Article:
USC hosts West Coast premiere of Monica Bill Barnes & Company: The Running Show

USC Kaufman student dancers are put to the test with just four days between auditions and the final show.

September 29, 2022 Grayson Schmidt

Renowned choreographer and dancer Monica Bill Barnes and writer Robbie Saenz de Viteri are bringing their latest high-energy performance to Los Angeles with the help of students at the USC Kaufman School of Dance.

Monica Bill Barnes and USC Kaufman dancers: Co-director Robbie Saenz de Viteri
Production co-director Robbie Saenz de Viteri provides the voiceover during the performance. (USC Photo/Gus Ruelas)

With just four days between auditions and the final show to learn the choreography and the creators’ vision, USC Kaufman students — most of whom are freshmen — have been working tirelessly to bring the vision of Barnes and de Viteri’s New York City-based dance company vision to life.

“Dancers are some of the few artists that will sign up for something kind of insane,” Barnes said. “The invitation is in five days to learn an entire show, and then perform it on a big stage, and that’s a lot to ask of people.”

? VIDEO: Watch the students prepare in this Instgram video from Visions and Voices

The show, Monica Bill Barnes & Company: The Running Show, makes its West Coast premiere at 7 p.m. Thursday in USC’s Bovard Auditorium. The performance — presented by USC’s Visions and Voices series — will feature 13 dance students from USC Kaufman and provides an authentic look into the life of a dancer as a new kind of sports hero.

‘You don’t really know the outcome’

“It came out of a real desire to steal something from sports, which is that you don’t really know the outcome,” Saenz de Viteri said of the show using new performers in each city. “It’s the thing that I think sports really has over theater in a lot of ways.”

Freshman Simone Peterson admits that she doesn’t know much about sports, but as a USC Kaufman dance student, she said she understands movement and pushing her body to the limit, which is what prompted her to audition for the show.

“I think I actually understood sports a little bit better because this dance is heavily geared towards sports,” Peterson said. “Hopefully people will see dance more through a sports lens instead of the opposite.”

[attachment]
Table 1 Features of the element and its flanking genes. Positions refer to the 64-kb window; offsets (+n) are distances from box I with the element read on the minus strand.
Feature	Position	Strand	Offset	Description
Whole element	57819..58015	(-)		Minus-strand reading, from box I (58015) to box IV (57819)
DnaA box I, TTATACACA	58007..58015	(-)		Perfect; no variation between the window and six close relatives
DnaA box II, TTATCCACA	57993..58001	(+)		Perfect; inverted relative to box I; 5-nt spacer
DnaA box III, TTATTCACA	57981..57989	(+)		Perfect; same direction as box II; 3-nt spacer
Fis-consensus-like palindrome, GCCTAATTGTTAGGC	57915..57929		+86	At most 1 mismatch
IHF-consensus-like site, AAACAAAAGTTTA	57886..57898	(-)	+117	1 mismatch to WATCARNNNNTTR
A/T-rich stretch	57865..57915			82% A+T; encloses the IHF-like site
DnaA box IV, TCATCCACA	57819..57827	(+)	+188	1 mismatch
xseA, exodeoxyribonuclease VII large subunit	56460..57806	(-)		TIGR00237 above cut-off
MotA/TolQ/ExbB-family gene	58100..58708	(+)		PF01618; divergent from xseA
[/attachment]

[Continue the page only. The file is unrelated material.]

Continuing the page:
The performance made its debut in July at the American Dance Festival. Each performance teams with local artists ranging in age from 12 to 80 years old to develop a new version of The Running Show in each city.

“It both sort of celebrates dance and it really questions what it is to commit your life to something physical that you know has an expiration date,” Barnes said. “This week is about challenging students but also really supporting and encouraging them and bringing them along in this process.”

Though there are differences among the performances, the show always features rigorous athletic movement from Barnes and the students accompanied by witty play-by-play commentary and narration delivered by Saenz de Viteri from his “press box” on stage. Through the course of the rehearsals leading up to the performance, Saenz de Viteri will interview the cast and then incorporate their stories and voices into the show.

The Running Show: ‘A physical live documentary’

“I call it a physical live documentary about the life of a dancer,” Saenz de Viteri said. “It takes audiences through what it means to like fall in love with dance when you’re 7 years old … and then what it means to decide to pursue that as a career in college, and then what that means 20 years after that when you’ve dedicated your life to this physical thing.”

Monica Bill Barnes practices for performance with USC Kaufman dancers
Barnes performs during Wednesday’s rehearsal. The performance is Thursday night in USC’s Bovard Auditorium. (USC Photo/Gus Ruelas)

The quick turnaround between auditions and performance was part of the appeal to USC sophomore Avery Zerr.

“That’s the fun thing about it,” Zerr said. “It’s almost like a little game of seeing how quickly you can pick up things and how detailed you can be with the work that you’ve been given.”

Both Barnes and Saenz de Viteri said that the intense atmosphere brings the performers closer. The four-day process provides both dancers and choreographers with a new way of looking at their craft. The hope is that this approach can offer a fresh perspective for the audience.

“I think it’s almost an appreciation of athletics and the tedious work that goes into that,” Zerr said, “and how it’s almost a little bit hilarious how much time we spend doing these things, and how hard we work at them and how much we push our bodies, which is the same for dance.”